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Mother of Newbury hit-and-run victim, 12, gives heartbreaking testimony to Reading Crown Court

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THE mother of a girl maimed for life by a hit-and-run driver has told how her daughter's dreams of travelling the world have been shattered.

The victim, aged 12 at the time, also loved dancing and gymnastics.

In heart-rending testimony to a judge, the girl's mother described the bleak future the family now faces, with her daughter now dependent on machines and 24-hour care just for survival.

Ethan Davison
Ethan Davison

Meanwhile, the full criminality of the hit-and-run driver - who went on to commit a new dangerous driving offence while awaiting sentence - was revealed.

At Reading Crown Court yesterday, Friday, September 10, 21-year-old Ethan Davison, of Harrison Road, Southampton, Hampshire, was jailed for three-and-a-half years for causing serious injury by dangerous driving and perverting the course of justice.

The court heard how his vehicle mounted the A339 kerb at 8.55pm on December 27, 2019, as the girl - whose identity is legally protected - and her family were walking home from a Christmas panto, Sleeping Beauty, at the Corn Exchange.

Davison never stopped.

He brazenly continued working and then went home, as surgeons battled for hours to save his victim's life.

Davison tried to claim the van had been stolen but he was soon found out and arrested.

In a statement to the court, the girl's mother said: "She dreamed of travelling to far away places. She was fiercely independent from an early age and loved gymnastics...she was turning into the most wonderful young lady with her whole life ahead of her."

Following the incident which changed everything, doctors battled through the night to save her, removing part of her skull to reduce pressure on the brain.

The girl's body was cooled, she was placed into an induced coma and ventilated and her loved ones were warned she may not survive the night.

Her mother said: "The number of machines, tubes and wires surrounding her was unbelievable."

Her daughter survived but, she added: "Our lives will never be the same. There's grieving for what we've all lost." (My daughter) is severely cognitively impaired...it's unlikely a return to mainstream school will ever be appropriate."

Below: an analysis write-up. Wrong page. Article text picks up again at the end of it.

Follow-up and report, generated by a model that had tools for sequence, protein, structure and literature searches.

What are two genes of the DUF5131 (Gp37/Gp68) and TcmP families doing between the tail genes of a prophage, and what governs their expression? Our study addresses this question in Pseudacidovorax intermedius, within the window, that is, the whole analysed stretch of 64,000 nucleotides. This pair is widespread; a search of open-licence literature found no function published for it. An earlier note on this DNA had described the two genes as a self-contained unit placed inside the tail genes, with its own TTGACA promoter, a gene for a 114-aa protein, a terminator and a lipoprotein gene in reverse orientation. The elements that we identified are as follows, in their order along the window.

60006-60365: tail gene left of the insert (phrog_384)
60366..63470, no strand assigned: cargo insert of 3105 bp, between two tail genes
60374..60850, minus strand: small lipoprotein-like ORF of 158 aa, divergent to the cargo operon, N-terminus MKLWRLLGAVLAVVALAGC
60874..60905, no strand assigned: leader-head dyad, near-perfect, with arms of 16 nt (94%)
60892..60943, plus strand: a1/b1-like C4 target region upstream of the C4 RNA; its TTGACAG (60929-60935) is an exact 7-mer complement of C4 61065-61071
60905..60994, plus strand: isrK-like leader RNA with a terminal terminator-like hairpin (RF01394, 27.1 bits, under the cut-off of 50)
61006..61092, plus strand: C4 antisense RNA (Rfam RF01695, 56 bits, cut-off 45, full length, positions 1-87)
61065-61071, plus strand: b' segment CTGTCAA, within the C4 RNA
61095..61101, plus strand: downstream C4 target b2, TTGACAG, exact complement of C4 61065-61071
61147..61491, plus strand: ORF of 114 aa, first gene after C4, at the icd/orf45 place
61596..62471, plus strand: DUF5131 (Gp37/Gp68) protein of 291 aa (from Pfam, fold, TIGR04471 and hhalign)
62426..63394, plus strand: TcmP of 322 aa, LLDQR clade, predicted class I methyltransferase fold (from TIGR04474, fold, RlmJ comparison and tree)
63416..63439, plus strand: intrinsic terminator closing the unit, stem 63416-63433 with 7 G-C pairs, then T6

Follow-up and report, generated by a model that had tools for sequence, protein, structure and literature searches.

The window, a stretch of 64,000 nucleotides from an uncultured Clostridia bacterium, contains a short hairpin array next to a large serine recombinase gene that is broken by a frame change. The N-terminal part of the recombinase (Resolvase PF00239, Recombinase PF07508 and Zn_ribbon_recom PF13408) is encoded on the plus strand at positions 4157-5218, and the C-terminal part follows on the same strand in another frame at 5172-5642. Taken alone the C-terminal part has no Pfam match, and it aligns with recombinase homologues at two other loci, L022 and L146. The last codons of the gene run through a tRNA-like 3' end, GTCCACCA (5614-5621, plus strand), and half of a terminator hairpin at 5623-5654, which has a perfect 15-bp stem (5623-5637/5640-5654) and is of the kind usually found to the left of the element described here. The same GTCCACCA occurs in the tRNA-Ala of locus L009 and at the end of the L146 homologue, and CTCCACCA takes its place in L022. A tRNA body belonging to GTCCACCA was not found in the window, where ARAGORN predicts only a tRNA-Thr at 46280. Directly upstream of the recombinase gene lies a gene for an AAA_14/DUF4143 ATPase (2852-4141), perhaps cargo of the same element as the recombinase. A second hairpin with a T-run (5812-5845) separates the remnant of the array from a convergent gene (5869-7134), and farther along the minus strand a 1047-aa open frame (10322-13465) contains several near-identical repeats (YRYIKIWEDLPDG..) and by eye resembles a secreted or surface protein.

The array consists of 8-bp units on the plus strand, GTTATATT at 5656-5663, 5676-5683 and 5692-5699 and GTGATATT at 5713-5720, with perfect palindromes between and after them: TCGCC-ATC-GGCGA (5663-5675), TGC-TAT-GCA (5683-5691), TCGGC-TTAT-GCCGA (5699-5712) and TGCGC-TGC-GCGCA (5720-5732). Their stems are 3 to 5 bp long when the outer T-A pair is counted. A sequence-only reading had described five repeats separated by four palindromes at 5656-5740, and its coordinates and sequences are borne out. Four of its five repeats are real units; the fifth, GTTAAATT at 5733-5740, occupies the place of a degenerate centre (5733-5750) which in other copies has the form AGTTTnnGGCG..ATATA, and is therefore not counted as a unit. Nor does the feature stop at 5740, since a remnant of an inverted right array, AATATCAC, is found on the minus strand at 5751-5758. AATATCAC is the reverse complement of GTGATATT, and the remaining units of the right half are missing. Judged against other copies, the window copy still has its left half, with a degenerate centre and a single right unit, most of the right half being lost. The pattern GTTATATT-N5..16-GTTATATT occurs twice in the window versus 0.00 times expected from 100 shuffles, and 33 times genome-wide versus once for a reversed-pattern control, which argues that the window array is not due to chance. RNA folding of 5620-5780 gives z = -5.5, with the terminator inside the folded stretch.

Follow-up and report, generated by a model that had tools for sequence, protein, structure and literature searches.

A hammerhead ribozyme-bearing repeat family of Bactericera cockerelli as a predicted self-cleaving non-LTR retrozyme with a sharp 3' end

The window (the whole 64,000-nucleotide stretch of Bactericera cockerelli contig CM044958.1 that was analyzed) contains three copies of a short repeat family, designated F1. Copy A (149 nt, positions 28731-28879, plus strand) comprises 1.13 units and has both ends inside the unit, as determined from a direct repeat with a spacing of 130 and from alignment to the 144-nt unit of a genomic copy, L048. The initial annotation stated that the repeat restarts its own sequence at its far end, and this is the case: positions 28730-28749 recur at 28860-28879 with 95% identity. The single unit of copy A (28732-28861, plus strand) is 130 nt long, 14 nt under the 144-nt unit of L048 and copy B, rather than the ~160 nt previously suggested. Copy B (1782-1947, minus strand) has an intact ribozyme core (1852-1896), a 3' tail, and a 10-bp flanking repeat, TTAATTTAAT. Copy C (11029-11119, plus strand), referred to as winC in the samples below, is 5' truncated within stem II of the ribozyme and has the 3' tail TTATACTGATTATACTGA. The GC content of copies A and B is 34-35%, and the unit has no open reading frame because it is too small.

The girl becomes upset when she watches old social media clips of herself dancing with her friends, the court heard.

She was placed on medication after becoming suicidal, the judge was told and "plays the incident over in her mind."

The mother said: "This has changed our lives beyond recognition...it's a living nightmare impossible to get out of."

Meanwhile her daughter has now developed scoliosis - a curvature of the spine - and needs many more major surgeries.

Now aged 13, she has a pump inserted in her spine and cranial implants and needs help with toiletting and washing - much to her distress, the mother said.

It emerged that Davison, a recovery vehicle driver, had covered the on-board cab camera with foil, so it could not record his actions.

Ellie Fargin, prosecuting, said: "He would use a hand held mobile phone while driving - that's illegal. He was also seen driving with no hands on the wheel."

Davison - who was illegally looking at a map on his mobile phone when he mounted the kerb in Newbury - has previous convictions for similar offences.

While he was awaiting sentencing for this offence, he was convicted of a new charge of dangerous driving, having tried to flee police while driving uninsured.

Tom Horder, defending, said his client, who suffers from Asperger's Syndrome, was deeply remorseful and added: "He knows saying sorry will never be enough."

Sentencing Davison, Judge Kirsty Real pointed out he had been convicted of using a mobile phone while driving in the days before the accident.

She added: "Your subsequent conviction for dangerous driving undermines your mitigation and expressions of remorse."

Davison will spend half the three-and-a-half years behind bars and the remainder on licence in the community.

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